Shortage of skilled labor: How companies find qualified employees

Blog post   •   Sep 26, 2018 14:45 CEST

Everyone is talking and writing about the shortage of skilled labor. This is allegedly particularly shaking medium-sized companies who are at a disadvantage compared to corporate groups when it comes to the so-called "war for talent".There are lots of statistics on this subject. According to the Cologne Institute, in April 2018 the German economy was lacking 314,800 skilled workers in the so-called MINT sectors of technology, computer science, mathematics and natural science. Basel research institute Prognos has calculated that by 2030 there will be three million too few skilled workers, researchers, and technical and medical workers.

It is true that, currently, German companies often find it difficult to fill positions with well-trained skilled labor. However, for me, there is a disparity between the facts of this situation and the extent to which responsibility is taken in tackling the problem. I often hear the situation being lamented and, even among medium-sized B2B, the discussion stops short of identifying and introducing the required measures.
The finger is quickly pointed at politics. This can, of course, make a big difference - for example, making it significantly easier to use foreign skilled labor. But there are other approaches that I do not think are realistic. The idea, for example, of extending working life and so increasing retirement age. How can we explain to a colleague in production, who has worked there for 40 years and is struggling with the physical effects of having done so, that we're sorry but please could he work three or four years longer? In reality, this will just lead to companies paying out more in sick pay.

Think about education for a moment. In Germany we have created an education system where it is primarily "low-maintenance" and streamlined pupils that are successfully educated. In contrast, pupils with so-called learning difficulties stand little chance and are passed over by the system. At the same time, over recent years, companies have managed to significantly raise the entry requirements for job applicants. What someone graduating high school with the lowest level qualification used to be able to do, can now only be done be someone with a good intermediate level qualification. And things that would have formerly been entrusted to an intermediate level high school graduate, are today only given to those who have achieved the highest level. Does a warehouse employee driving a forklift truck really need to have fluently mastered a foreign language, be able to write essays or be an ace at curve sketching? No. He needs to master his trade instead! For a start, I understand education to be just that - young people matching their skills to a trade or profession and then developing and progressing them. This is even more important against the backdrop of the modern move towards lifelong learning. Each hierarchical level in a company should offer continuous additional training, developing people, and changing and adapting organizations.

Also, the changes at university level are not, in my opinion, all positive. It is still not clear to me why, in Germany, we phased out the internationally renowned diploma and replaced it with the master's degree. In my view, there is no comparison as universities now have different priorities and the quality of the teaching is still not equal. The rigid curriculum sometimes reminds me of a school timetable, where the young people leave out, especially from the point of view of companies, an important aspect of study, self-organization.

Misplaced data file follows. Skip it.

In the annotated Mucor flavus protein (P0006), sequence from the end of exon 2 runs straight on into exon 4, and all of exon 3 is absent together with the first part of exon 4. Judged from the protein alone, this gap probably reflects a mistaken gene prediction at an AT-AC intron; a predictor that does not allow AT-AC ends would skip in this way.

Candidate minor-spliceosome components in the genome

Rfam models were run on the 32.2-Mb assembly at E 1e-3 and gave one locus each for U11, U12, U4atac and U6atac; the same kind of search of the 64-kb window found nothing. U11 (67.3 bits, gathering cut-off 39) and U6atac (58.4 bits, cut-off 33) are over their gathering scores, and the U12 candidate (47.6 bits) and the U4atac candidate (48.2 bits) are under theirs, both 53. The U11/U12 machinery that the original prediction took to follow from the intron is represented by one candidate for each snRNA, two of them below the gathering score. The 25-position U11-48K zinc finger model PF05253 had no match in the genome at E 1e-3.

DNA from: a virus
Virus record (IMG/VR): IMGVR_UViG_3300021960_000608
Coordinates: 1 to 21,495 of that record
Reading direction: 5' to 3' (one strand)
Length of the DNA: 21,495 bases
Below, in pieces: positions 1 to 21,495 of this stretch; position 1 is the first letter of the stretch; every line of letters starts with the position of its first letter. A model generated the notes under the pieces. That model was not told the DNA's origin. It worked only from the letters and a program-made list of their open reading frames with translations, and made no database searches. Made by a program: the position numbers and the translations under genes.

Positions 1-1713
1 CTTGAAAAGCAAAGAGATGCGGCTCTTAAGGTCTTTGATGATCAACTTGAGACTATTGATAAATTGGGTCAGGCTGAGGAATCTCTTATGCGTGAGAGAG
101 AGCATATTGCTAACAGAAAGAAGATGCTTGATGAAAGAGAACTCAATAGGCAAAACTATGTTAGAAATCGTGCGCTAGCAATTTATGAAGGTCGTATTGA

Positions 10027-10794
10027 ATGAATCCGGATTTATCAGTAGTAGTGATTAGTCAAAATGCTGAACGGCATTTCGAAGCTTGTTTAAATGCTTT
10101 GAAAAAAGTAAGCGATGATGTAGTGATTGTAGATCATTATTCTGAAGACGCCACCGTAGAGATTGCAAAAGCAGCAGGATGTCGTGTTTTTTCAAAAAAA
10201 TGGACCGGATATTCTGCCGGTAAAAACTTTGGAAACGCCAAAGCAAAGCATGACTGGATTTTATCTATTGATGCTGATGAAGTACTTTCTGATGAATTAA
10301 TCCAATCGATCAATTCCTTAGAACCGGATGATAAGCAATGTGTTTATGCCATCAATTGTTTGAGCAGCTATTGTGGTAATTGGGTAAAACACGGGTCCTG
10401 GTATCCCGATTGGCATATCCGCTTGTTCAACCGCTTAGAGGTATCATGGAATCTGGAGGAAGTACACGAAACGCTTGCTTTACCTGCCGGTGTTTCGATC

The bottom line is that mistakes and bad decisions were made in the past. It happens. In government as well as in business. However, just blaming politics for the lack of skilled labor is, as far as I am concerned, over simplifying the problem. The important question, however, is how do we tackle the situation in an appropriate way and, as companies, find sensible, targeted and lasting ways and means to solve the problem of the shortage of skilled labor?

For me, the central question is, is there really a shortage of skilled labor in Germany or is saying so just an easy way of covering up the failures of individual trades?


The truth, I think, lies somewhere in the middle. There are sectors where the demand for skilled labor exceeds supply, IT for example. I have looked at lots of other company sectors where I cannot identify a shortage of skilled labor.

Currently, many companies are taking the easier, short-term solution - poaching each other's employees. Always combined with higher wages and better job titles. There is often great amazement at the short length of time some employees spend in positions and the rapid salary development they experience but it is a logical outcome of the situation. In many cases there is an unhealthy gap between the value of a particular role to a company and the salary paid.

So, what is an appropriate way to tackle the shortage of skilled labor? In my view, the phrase itself provides the only logical solution, namely investing in training and further education. This happens all too infrequently. There are companies out there that have given up on occupational training and, instead, trust their luck to the open labor market or to head hunters. I find this development concerning.

In my view, there is not a "real" demographical problem in Germany! In my opinion, the problem that we need to solve is addressing and supporting our young people, training them beyond just an adequate level. An aging workforce coupled with changing leisure habits is not a new problem and so companies that are skimping on training and further education should hardly be surprised when it results in unfilled positions. Furthermore, the idea of lifelong learning for existing employees is often bandied around but is all too infrequently put into practice.

At ALBIS PLASTIC GmbH we use different options, one being training and further education in house, another being external approaches.